Ones who encourage you to write:

With both friends and colleagues, I’ve always enjoyed having ‘writing dates’. These aren’t so much about the talking about the writing, but just being around others who do it too. Facilitating your own writing whilst encouraging others to do it too is the most fun. It’s like a mini-retreat, where you can focus on your writing without the guilt of ignoring others, or the loneliness of locking yourself away!

Ones who are also professionals:

The professional writing world can be really hard. Submitting to publishers or agents, waiting to hear, rewriting and dealing with difficult edits, disappointing reviews or publication days that didn’t go as planned. It can be a world of crazy highs and lows and not everyone gets it.

There are loads of people out there who would dismiss someone ‘writing another little book’, or who think it’s crap, or pointless or that you’re wasting your time.

My author friends are the ones I talk to when I’m not sure if contract terms are normal, or if I’m pulling my hair out over edits. They’re the ones I tell when I get a new deal, or I’ve finished a rewrite, or when there’s exciting news on the horizon.

Someone who gets how difficult and amazing it is to write a book is the person you want to share your news with. They give it gravitas, they won’t dismiss it and they’ll understand exactly what you’re going through and what it means.

Writing can be hard enough, without coming up against negativity, doubt or that distinct look that just says ‘I don’t get it’. If you don’t know writers, hop on Twitter or into Facebook groups! They’re so full of useful information, comradery and support.

Also, don’t miss out on your agent or publisher parties – as an introvert I sometimes find them a bit overwhelming (and then I drink too much to feel confident and that is not a good idea!) but it’s so worth it to have friendships that nourish and support your creativity.

Do you have writer friends? What types? And what do they mean to you?

Review: Love, Unscripted by Owen Nicholls

Love, Unscripted by Owen Nicholls

As a movie buff and big fan of foppish romantic men falling in love with realistic, ambitious women I was super eager to read this. So I grabbed it at a bargain 99p this week.

Love, Unscripted is a fresh take on boy-meets-girl where Nick and Ellie, who met on the eve of the Presidential election in 2008, try to figure out where their relationship is headed and if it’s really over.

Told from Nick’s perspective, it’s easy to see where the Nick Hornby comparisons come in. But actually, I think it’s a lot warmer than Hornby’s books. The male narrator is self aware, and even though he’s flawed (as I hope all narrators are!) he doesn’t fall into the typical character voice. Nick is a sensitive soul looking for the real thing, a big, perfect sort of love.

He finds it in Ellie, but when they break up, he’s left trying to figure out what went wrong and whether it’s fixable.

This book really reminded me of the movie 100 Days of Summer – there’s a bittersweet element to it, with an introverted and romantic lead and his beautiful, smart, magical girlfriend. And yet, even through the almost naive gaze of the narrator, Ellie remains a real character, completely whole and normal. She was the sort of person I’d want to be friends with.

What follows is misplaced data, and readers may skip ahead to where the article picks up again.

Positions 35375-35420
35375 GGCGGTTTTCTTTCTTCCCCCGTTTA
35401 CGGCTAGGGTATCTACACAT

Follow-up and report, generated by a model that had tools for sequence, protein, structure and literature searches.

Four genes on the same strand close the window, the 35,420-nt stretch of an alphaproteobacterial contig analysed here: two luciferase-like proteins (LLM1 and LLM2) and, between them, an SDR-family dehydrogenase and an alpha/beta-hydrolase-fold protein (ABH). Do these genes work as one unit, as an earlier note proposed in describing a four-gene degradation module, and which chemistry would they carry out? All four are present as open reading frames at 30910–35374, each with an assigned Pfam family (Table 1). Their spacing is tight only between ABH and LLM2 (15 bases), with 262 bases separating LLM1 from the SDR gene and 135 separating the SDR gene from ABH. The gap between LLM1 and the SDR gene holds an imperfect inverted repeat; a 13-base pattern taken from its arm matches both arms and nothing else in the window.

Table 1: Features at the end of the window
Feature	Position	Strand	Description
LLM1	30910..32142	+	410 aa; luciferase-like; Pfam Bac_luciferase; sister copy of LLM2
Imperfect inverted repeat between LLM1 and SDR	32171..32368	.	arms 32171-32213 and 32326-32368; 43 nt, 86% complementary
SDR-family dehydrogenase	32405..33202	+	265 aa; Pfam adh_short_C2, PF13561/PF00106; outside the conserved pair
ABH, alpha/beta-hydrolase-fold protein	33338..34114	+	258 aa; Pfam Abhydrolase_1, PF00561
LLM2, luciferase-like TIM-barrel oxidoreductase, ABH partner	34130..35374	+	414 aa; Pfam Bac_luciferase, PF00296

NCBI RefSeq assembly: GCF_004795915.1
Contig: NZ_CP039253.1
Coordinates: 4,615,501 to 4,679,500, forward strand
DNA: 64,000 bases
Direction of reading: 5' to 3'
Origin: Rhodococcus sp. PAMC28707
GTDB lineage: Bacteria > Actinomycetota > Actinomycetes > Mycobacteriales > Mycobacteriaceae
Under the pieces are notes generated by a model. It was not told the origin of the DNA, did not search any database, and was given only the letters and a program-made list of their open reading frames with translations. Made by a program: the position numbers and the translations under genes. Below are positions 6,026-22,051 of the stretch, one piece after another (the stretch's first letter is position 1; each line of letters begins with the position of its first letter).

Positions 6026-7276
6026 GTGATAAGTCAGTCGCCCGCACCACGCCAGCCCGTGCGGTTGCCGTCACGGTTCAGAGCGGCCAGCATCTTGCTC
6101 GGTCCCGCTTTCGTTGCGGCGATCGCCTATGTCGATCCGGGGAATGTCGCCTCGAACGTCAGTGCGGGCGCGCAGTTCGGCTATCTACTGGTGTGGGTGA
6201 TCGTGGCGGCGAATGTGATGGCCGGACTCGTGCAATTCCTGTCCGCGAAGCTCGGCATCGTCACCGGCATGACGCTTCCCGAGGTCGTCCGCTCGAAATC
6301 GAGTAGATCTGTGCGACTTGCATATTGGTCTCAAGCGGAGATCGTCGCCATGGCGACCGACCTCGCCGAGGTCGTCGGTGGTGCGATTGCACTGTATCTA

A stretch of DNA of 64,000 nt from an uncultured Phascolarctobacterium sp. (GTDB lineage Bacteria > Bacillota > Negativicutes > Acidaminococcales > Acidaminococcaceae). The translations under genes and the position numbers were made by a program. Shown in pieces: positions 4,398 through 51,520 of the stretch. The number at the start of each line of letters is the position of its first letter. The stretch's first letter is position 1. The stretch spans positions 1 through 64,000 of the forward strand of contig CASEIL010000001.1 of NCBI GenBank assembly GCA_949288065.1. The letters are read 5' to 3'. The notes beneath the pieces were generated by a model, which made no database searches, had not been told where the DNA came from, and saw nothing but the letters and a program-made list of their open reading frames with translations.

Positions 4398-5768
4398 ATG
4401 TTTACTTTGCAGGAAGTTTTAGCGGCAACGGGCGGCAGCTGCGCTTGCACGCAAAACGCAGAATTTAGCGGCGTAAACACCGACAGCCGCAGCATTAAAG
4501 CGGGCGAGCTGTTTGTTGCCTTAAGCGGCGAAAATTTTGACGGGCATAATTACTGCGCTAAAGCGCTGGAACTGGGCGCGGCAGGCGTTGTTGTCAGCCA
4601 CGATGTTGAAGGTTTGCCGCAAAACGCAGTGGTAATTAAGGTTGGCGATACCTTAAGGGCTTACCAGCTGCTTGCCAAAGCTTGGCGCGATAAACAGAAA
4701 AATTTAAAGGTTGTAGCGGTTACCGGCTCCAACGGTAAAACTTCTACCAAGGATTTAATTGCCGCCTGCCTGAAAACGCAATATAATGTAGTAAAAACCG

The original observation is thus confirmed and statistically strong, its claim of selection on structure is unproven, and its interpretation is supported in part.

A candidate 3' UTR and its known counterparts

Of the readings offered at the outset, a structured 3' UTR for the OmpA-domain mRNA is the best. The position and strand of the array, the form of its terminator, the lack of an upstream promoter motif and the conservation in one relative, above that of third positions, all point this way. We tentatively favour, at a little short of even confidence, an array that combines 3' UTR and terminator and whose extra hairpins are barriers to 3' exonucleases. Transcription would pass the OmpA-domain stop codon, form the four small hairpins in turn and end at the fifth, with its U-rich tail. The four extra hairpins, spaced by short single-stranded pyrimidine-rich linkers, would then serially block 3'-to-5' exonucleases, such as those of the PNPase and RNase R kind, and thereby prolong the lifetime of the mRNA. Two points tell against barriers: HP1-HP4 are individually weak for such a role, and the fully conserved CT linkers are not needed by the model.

The book switches both in timeline and style, which was an interesting choice. I really enjoyed it (and did briefly think from an author perspective how hard it is to get the go-ahead on a structure like that!) as it switched between 2008 when the couple met, years later when they break up (both from Nick’s perspective) and then into a third person retelling of the times in between as Nick practices his screen writing.

Nothing much happens, I suppose, but those are actually my favourite kind of books! There’s warmth and friendship and growth and family moments. It’s a love story and a story of growth and it’s not overly saccharine or easily tied up – it’s about how life and love are complicated, and imperfect.

So, in summary, I loved it, and it’s 99p and you should absolutely read it! Excited to read more from this debut author!

The quickest way to write for gratitude

In need of a serious change of perspective? A boost of energy, a way to shake off the cobwebs and start seeing clearly again? A quick writing task can help with that!

When we talk about therapeutic writing, we often talk about writing in a workshop environment, facilitated by someone who knows how to hold the room and give structure and space to the activities. We talk about writing that releases creativity and allows for story, narrative and realisations of things you might not have acknowledged before.

And it can be a bit magic.

But what if you don’t have time for that? What if you just want to do something to shut up that anxious, listless voice in your head?

What you want is a little gratitude.

I find gratitude tends to solve almost all my problems…

So here’s the writing task:

  1. Get a lovely blank piece of paper, ripe with possibility.

2. Get yourself something to keep time, a stopwatch on your phone or an egg timer if you’re particularly old fashioned.

3. Put a glorious 60 seconds on the stopwatch.

4. You are going to write, non stop, for 60 seconds. You’re not going to give yourself enough time to think. You hand with your pen or pencil is going to completely bypass your brain. It’s you and the paper, that’s it.

5. Ready? You’re going to write a list. A list of every single thing you can think of to be grateful for in your life. Go!

So, how did it go? Did you find your list started with all the big and important stuff, but you ended up with smaller, detailed things you barely notice day to day? Did you find it easy or difficult? Was there anything unexpected?

How do you feel now, knowing you have this great honking list of things to be grateful for? Do you feel blessed? Calm? Loved? Or do you feel like you need to treat yourself and enjoy those things, surrounding yourself in even more gratitude?

Let me know in the comments how you found it!